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For the eighth time, the European Commission’s Directorate General for Enterprise and Industry has measured Europe’s innovation performance by means of the European Innovation Scoreboard (EIS). The EIS tries to assess both Europe’s innovation record over time, as well as its relative position compared with major competitors. A number of the 29 innovation indicators used in the methodology relate to (higher) education and research. Countries included on the European side are all 27 EU member states, as well as Iceland, Norway, Switzerland, Turkey and Croatia. The data were collected before the onset of the present economic crisis.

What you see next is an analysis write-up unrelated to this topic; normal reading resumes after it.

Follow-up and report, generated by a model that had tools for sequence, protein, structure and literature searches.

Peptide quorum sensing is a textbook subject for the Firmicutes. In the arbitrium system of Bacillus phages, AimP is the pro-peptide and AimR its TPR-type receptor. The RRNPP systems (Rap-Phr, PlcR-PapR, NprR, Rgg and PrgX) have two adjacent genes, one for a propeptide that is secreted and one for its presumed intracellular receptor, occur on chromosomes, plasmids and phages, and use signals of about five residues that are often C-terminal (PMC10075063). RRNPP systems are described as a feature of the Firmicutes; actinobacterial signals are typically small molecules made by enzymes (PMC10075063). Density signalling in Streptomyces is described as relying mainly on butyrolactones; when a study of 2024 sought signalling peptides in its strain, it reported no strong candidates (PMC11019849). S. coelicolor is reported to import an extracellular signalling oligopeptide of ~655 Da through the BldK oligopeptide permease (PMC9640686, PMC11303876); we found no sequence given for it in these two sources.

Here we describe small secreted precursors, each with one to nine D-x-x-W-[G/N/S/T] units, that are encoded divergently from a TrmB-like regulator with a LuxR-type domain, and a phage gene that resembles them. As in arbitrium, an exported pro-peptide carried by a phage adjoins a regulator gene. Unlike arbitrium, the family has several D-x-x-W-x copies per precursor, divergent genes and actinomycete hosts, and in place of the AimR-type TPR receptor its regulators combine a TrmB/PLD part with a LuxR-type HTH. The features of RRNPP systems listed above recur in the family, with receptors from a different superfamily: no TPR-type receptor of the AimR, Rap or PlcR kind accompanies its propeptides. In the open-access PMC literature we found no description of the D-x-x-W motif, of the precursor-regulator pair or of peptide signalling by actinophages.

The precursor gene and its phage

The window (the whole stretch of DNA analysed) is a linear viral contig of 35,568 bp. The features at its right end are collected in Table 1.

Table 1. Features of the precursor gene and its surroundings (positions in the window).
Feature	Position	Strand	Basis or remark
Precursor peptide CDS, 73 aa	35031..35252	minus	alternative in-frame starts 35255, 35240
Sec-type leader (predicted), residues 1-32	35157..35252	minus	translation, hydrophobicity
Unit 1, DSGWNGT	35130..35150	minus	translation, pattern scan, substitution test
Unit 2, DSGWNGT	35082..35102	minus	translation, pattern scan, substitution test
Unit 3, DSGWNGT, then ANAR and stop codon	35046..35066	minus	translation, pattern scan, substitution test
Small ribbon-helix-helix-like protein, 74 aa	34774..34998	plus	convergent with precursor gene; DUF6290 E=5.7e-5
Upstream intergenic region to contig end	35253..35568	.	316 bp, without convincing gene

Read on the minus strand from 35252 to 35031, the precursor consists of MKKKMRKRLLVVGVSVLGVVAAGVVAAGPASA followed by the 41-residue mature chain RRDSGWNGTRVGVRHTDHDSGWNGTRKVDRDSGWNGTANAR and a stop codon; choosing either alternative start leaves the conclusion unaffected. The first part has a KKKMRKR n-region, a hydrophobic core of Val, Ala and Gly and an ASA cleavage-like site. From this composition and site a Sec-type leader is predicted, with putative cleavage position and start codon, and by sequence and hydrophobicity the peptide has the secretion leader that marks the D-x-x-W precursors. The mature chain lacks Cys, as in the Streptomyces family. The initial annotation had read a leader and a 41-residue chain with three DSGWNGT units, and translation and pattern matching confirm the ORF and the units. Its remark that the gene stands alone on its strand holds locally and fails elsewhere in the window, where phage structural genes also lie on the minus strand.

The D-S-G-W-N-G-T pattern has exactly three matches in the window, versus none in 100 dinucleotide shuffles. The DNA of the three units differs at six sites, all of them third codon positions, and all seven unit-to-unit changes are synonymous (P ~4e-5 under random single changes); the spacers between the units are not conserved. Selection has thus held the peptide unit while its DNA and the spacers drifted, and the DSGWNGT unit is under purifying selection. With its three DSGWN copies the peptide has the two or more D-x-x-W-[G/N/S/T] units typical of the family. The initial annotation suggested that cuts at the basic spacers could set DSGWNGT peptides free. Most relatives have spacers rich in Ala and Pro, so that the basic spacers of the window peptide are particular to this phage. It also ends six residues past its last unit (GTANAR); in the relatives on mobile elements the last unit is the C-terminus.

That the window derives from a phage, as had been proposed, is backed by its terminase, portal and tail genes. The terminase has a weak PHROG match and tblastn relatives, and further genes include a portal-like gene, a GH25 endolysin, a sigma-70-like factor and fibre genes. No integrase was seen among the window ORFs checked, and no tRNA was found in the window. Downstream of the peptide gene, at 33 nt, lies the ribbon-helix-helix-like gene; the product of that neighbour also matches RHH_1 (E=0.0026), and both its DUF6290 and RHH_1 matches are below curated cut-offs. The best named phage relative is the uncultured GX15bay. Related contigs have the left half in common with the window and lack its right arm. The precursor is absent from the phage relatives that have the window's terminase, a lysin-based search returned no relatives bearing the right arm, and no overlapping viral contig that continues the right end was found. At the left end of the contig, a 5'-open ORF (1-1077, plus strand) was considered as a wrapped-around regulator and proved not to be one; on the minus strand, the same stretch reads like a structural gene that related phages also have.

The 2008 EIS, published at the beginning of February, shows Europe’s innovation performance improved, both with regard to earlier years and in comparison with major competitors. There is still an ‘innovation gap’ between Europe and the US and Japan, but it is narrowing. Europe is also holding its ground emerging economies. The European Union’s top innovators are Sweden, Finland, Germany, Denmark and the UK (with Switzerland, a non-Union country, beating them all). Innovation is still lagging behind in most new member states, but their performance is moving towards the EU average over time.